Federal Reserve Puts Burden of Curbing Inflation on Global Working Class

Jerome Powell, Federal Reserve chair, announced that the Federal Reserve would tighten its monetary policy in response the the highest U.S. inflation in 40 years on Wednesday. This announcement came at the close of a two day Federal Open Market Committee meeting (FOMC). The burden of this measure will be shared disproportionately by the working class in the U.S. and internationally.

In a press release the FOMC said the current inflation rate reflected “supply and demand imbalances related to the pandemic, higher energy prices, and broader price pressures.” The Fed raised its benchmark policy rate by 0.75 percentage points, the first increase of this magnitude since 1994. This increases the federal funds rate target range to 1.5 to 1.75%. The Fed will also “continue reducing its holdings of Treasury securities and agency debt and agency mortgage-backed securities.”

The Fed is maintaining the course it has adopted since the end of last year as a way out of the pandemic’s economic effects, reaffirmed this year by the Russia’s invasion of Ukraine, which has caused energy and commodity prices to sharply increase. These tightening actions have already been taken. caused a drop in U.S. stock pricesBut the effects will go far beyond that, affecting the working classes in the United States and around the world.

The International Working Class and the United States will Pay the Price

At first glance, the Fed’s aim is to curb inflation — which sits at 8.6 percent — by cooling the economy. Higher interest rates strongly affect the working class, since they make credit more expensive, and it becomes more expensive to spend money, thus reducing people’s disposable income. Higher interest rates often lead governments to impose austerity policies, as it is more costly for them to borrow money.

In the United States, the Fed’s aggressive plan could also increase unemployment by discouraging investment and hiring. This would create the conditions for lower wages. Powell arguedWages have been rising too fast, and it was apparent that this was the case weeks ago. labor market is “tight to an unhealthy level” — in other words, employment is too high. As we have already mentioned, however, previously arguedInflation is not caused by the lack of wages or employment.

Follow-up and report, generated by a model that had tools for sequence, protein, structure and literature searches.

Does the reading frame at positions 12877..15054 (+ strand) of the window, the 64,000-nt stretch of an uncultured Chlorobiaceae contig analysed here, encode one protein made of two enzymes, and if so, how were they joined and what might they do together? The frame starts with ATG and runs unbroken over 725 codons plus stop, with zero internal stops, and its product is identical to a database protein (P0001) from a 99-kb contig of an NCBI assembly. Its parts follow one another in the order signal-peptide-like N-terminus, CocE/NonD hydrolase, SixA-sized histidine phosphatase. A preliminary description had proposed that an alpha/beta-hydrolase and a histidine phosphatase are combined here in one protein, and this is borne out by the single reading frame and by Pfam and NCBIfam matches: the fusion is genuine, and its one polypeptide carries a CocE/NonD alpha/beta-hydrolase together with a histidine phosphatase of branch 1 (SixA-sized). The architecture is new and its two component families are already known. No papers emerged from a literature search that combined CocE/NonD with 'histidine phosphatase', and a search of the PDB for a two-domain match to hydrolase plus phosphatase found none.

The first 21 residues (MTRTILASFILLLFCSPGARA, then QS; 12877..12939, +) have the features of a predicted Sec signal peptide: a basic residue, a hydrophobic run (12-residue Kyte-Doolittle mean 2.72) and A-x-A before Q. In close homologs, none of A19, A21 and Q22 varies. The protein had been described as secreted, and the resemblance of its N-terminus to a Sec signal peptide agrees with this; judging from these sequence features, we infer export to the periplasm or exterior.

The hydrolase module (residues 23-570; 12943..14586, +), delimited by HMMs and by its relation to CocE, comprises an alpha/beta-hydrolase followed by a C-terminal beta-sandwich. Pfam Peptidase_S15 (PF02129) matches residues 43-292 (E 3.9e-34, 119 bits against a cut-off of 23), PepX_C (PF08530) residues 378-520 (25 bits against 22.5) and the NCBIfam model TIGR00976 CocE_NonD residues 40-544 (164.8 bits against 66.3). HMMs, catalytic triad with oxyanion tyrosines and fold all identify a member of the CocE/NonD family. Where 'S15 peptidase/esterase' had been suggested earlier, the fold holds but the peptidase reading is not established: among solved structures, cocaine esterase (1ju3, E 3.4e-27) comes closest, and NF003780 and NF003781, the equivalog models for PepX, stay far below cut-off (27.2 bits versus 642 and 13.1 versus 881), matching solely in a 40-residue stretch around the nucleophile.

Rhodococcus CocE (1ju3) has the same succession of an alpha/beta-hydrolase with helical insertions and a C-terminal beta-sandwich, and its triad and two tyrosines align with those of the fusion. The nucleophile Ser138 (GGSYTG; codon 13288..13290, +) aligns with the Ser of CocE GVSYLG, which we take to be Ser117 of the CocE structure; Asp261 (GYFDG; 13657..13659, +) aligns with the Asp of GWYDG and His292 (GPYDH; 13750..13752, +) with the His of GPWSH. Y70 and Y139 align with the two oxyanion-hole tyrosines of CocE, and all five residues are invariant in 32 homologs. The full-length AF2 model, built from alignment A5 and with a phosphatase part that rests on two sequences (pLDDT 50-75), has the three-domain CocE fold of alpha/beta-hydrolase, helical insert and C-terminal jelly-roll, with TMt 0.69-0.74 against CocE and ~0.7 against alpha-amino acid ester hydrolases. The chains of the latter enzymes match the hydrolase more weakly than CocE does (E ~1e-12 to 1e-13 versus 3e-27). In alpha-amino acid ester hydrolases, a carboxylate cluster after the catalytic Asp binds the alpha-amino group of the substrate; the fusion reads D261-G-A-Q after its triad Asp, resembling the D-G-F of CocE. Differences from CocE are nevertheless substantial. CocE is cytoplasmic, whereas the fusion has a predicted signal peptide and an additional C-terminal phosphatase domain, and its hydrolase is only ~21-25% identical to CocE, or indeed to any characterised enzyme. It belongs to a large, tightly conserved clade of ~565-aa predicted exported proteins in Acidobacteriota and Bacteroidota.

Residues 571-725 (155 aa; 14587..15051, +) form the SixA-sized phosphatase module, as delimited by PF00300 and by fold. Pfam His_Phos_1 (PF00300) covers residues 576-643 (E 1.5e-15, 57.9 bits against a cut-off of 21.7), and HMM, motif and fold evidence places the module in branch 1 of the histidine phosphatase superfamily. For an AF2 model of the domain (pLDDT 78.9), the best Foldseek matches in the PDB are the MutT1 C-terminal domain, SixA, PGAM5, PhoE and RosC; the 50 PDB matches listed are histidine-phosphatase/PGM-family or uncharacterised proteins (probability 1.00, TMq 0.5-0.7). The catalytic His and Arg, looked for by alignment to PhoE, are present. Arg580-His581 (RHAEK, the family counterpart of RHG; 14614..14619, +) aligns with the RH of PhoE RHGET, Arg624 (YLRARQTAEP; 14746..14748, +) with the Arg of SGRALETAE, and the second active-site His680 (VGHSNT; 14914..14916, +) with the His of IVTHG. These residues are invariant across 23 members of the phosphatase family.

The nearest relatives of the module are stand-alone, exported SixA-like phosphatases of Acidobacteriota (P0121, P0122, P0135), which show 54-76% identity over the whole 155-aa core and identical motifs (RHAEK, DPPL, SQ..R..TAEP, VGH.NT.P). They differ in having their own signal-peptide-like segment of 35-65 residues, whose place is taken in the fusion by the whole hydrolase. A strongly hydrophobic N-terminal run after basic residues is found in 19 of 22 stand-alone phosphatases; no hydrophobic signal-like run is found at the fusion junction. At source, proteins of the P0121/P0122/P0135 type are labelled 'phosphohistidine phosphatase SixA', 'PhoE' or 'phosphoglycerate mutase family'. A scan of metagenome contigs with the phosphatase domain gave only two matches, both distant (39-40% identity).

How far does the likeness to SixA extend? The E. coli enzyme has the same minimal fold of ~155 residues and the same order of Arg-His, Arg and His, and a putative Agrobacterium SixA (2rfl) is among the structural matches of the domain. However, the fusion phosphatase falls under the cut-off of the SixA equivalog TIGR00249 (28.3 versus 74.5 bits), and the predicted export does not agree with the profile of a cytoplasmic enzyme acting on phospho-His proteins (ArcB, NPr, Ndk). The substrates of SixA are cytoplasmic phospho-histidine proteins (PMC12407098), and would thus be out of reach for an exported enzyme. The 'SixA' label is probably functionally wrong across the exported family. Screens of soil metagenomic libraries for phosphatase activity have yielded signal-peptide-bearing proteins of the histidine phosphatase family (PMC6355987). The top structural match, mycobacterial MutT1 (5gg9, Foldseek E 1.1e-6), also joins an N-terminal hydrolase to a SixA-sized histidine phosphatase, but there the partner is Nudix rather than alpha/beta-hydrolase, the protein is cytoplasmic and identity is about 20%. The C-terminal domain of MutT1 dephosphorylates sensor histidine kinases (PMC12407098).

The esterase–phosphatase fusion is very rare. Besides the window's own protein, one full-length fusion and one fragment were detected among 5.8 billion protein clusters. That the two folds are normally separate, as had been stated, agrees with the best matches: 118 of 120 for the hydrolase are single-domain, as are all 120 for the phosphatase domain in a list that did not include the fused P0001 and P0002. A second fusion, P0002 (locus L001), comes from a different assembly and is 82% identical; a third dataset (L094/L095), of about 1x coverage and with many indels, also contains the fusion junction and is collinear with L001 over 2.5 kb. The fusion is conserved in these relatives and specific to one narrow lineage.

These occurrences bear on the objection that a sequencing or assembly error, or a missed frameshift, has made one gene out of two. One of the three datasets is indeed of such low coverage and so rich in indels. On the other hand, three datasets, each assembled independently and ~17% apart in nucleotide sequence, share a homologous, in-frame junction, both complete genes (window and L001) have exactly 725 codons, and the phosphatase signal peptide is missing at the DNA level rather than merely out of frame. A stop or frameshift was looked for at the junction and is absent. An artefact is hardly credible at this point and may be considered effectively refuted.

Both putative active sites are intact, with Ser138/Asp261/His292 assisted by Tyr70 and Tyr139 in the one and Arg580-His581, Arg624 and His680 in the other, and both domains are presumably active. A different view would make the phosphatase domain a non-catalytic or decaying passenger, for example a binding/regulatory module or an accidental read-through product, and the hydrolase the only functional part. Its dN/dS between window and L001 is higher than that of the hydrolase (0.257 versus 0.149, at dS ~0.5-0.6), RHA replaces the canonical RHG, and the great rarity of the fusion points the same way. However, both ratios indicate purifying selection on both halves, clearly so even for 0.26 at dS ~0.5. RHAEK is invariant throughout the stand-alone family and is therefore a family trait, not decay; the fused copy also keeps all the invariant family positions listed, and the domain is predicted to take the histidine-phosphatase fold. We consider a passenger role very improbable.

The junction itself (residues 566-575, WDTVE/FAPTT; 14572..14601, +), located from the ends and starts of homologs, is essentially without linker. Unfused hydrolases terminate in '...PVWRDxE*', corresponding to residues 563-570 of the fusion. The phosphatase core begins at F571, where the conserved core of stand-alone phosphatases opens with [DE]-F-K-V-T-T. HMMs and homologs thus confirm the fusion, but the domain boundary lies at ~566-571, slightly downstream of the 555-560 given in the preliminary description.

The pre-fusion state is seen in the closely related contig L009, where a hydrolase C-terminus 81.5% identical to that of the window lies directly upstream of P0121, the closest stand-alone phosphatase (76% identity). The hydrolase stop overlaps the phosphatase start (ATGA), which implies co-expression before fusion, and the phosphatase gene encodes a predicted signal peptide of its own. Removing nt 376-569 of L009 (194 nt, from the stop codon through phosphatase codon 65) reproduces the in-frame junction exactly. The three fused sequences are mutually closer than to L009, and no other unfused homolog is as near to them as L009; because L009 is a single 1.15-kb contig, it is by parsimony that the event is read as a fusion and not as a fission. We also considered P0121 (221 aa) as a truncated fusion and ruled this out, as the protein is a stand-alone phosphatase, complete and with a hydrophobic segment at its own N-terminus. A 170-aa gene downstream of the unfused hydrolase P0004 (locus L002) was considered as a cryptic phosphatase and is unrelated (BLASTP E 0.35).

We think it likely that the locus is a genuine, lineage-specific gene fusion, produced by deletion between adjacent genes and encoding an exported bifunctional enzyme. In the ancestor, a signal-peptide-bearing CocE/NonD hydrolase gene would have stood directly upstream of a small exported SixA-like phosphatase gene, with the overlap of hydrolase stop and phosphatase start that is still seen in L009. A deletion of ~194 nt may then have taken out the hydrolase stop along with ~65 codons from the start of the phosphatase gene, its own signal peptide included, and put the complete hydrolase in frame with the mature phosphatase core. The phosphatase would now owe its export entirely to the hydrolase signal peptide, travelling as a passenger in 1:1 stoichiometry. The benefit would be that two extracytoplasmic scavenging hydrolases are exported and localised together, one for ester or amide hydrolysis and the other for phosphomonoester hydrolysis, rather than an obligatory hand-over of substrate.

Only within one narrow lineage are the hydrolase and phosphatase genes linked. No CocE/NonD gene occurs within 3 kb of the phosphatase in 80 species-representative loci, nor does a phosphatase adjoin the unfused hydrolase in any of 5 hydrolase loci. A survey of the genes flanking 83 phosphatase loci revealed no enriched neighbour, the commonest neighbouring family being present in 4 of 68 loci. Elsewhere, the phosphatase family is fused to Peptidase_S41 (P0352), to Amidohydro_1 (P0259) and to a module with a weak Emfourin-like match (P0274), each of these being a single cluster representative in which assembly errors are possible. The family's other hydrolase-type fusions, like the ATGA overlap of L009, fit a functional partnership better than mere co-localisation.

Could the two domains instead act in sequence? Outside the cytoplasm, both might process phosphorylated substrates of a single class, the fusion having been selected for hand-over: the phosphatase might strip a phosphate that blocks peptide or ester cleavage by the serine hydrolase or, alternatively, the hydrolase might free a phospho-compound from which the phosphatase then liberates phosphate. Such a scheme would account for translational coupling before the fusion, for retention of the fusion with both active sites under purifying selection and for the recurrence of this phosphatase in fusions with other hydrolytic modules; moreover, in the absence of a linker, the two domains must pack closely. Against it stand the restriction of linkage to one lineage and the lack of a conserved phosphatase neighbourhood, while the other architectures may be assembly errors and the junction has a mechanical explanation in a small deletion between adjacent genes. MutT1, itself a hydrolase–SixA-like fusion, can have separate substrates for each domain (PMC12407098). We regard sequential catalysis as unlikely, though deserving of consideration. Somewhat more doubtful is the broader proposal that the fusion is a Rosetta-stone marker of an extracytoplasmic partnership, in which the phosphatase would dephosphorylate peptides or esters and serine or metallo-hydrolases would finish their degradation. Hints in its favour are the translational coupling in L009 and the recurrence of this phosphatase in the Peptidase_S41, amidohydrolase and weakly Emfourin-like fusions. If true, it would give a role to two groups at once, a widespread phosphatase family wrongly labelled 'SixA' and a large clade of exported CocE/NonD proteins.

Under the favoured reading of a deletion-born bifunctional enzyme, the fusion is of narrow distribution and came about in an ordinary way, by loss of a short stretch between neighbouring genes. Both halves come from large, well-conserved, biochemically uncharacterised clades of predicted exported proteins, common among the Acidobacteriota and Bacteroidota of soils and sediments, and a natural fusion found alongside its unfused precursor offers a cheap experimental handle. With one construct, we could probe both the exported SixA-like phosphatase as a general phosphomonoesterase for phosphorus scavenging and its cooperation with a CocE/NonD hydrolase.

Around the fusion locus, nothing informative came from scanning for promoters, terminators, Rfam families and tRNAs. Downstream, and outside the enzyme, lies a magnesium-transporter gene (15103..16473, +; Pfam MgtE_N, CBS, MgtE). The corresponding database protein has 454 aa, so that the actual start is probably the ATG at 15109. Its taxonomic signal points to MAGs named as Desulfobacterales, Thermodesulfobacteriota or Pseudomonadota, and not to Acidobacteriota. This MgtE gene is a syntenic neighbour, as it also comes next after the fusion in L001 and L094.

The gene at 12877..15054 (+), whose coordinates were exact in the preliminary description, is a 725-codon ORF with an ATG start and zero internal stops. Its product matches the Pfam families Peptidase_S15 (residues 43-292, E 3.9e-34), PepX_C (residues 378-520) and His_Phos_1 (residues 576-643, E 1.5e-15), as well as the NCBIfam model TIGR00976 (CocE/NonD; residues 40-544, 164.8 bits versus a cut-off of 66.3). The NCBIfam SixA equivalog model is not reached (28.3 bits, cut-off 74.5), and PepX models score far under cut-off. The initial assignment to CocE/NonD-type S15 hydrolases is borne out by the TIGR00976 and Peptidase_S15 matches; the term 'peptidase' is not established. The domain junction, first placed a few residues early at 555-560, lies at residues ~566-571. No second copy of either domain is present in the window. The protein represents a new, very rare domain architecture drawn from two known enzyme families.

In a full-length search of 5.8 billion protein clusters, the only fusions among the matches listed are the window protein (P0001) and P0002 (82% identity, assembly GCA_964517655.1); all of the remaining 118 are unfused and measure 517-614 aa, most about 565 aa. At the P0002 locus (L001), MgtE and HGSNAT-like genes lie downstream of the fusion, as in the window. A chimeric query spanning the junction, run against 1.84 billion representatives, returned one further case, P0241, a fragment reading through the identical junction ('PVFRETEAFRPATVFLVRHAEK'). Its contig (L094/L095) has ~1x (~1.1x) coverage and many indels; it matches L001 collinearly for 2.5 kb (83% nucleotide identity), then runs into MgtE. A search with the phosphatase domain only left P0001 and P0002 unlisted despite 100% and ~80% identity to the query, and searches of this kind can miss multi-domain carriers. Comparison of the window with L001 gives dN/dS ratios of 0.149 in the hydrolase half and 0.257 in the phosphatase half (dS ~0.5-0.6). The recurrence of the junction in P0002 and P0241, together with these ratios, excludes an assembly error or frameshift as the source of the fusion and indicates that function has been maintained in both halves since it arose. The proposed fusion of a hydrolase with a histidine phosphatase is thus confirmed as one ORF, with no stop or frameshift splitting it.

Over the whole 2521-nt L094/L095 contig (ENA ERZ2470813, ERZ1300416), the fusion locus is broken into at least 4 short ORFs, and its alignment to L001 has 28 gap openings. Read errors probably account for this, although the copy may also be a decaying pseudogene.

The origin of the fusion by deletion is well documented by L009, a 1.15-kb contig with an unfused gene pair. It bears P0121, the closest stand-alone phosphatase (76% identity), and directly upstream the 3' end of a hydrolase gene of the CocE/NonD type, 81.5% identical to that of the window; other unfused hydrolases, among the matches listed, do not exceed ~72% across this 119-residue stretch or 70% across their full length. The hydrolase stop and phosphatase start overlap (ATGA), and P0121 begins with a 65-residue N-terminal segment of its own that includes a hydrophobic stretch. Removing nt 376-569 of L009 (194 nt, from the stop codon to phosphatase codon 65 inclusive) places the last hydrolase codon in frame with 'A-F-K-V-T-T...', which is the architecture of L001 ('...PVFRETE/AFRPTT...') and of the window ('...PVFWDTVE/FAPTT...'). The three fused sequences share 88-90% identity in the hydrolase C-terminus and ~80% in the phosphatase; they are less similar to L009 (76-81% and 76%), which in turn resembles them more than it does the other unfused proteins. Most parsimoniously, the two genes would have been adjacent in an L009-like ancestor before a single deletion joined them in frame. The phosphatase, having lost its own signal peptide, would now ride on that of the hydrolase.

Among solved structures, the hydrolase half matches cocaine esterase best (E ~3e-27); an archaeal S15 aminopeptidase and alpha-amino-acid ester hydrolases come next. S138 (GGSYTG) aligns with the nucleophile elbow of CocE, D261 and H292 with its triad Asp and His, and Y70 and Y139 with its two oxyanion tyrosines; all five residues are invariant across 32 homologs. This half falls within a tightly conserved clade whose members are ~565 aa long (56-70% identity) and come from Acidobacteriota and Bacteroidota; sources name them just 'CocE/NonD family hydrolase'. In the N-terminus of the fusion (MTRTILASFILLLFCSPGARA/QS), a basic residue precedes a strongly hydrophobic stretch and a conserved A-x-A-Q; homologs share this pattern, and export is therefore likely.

Inflation has been eating away at real wages for many decades. This is part of a pattern where workers have lost ground in terms of their pay. Powell does not speak out against growing inequality. He sees no problem that billionaires enjoyed explosive wealth growth during the pandemic, while millions were pushed into extreme poverty.

The working class is made worse by the existence of indicationsThe global economy is heading towards a new recession. The climate crisis threats of famineAdd fuel to the fire.

The U.S. is home to 25 percent of global GDP and has important trade relationships with almost every country. For dependent countries in regions like Latin America, the Fed’s moves to curb inflation threatens to have serious international ramifications, exacerbated by an increasing subordination to the IMF.

For example, international economic growth could be slower. Already, the rate rise has led to a decline in U.S. production prospects and could cause a further decline. This would place the same pressure on the rest the world, putting the jobs and incomes at risk of millions, especially in the most vulnerable economies.

The interest rate increase favors capital moving to the dollar as a secure haven. Investors will decrease their local currency holdings to dollarize, which increases the demand for the U.S. dollar. In fact, the Brazilian real as well as the Chinese yuan were devalued by 6.3 per cent in the quarter just before, and the pressure on Argentina’s peso is increasing. These devaluations can lead to price increases. The increase in the price of imports — both of final and intermediate goods — raises inflation in local economies.

Finally, the Fed’s moves can increase the cost of international credit. This means that credit access will be limited and foreign debts in dollars will become more expensive. This increases the risk of default in emerging economies like Argentina.

In this context, the Fed’s interest rate hikes aren’t just abstract monetary policy; they will reverberate far beyond the U.S. economy. And, as always, capitalists and their institutions are interested in self-preservation, stability, and continuing exploitation — workers and the poor, both in the U.S. and in dependent and semicolonial countries, will be forced to shoulder the burden of these measures. This means it’s more important than ever for the working class to organize to confront these attacks.

Original publication in Spanish on June 16, 2009. La Izquierda Diario.

Translated by Otto Fors.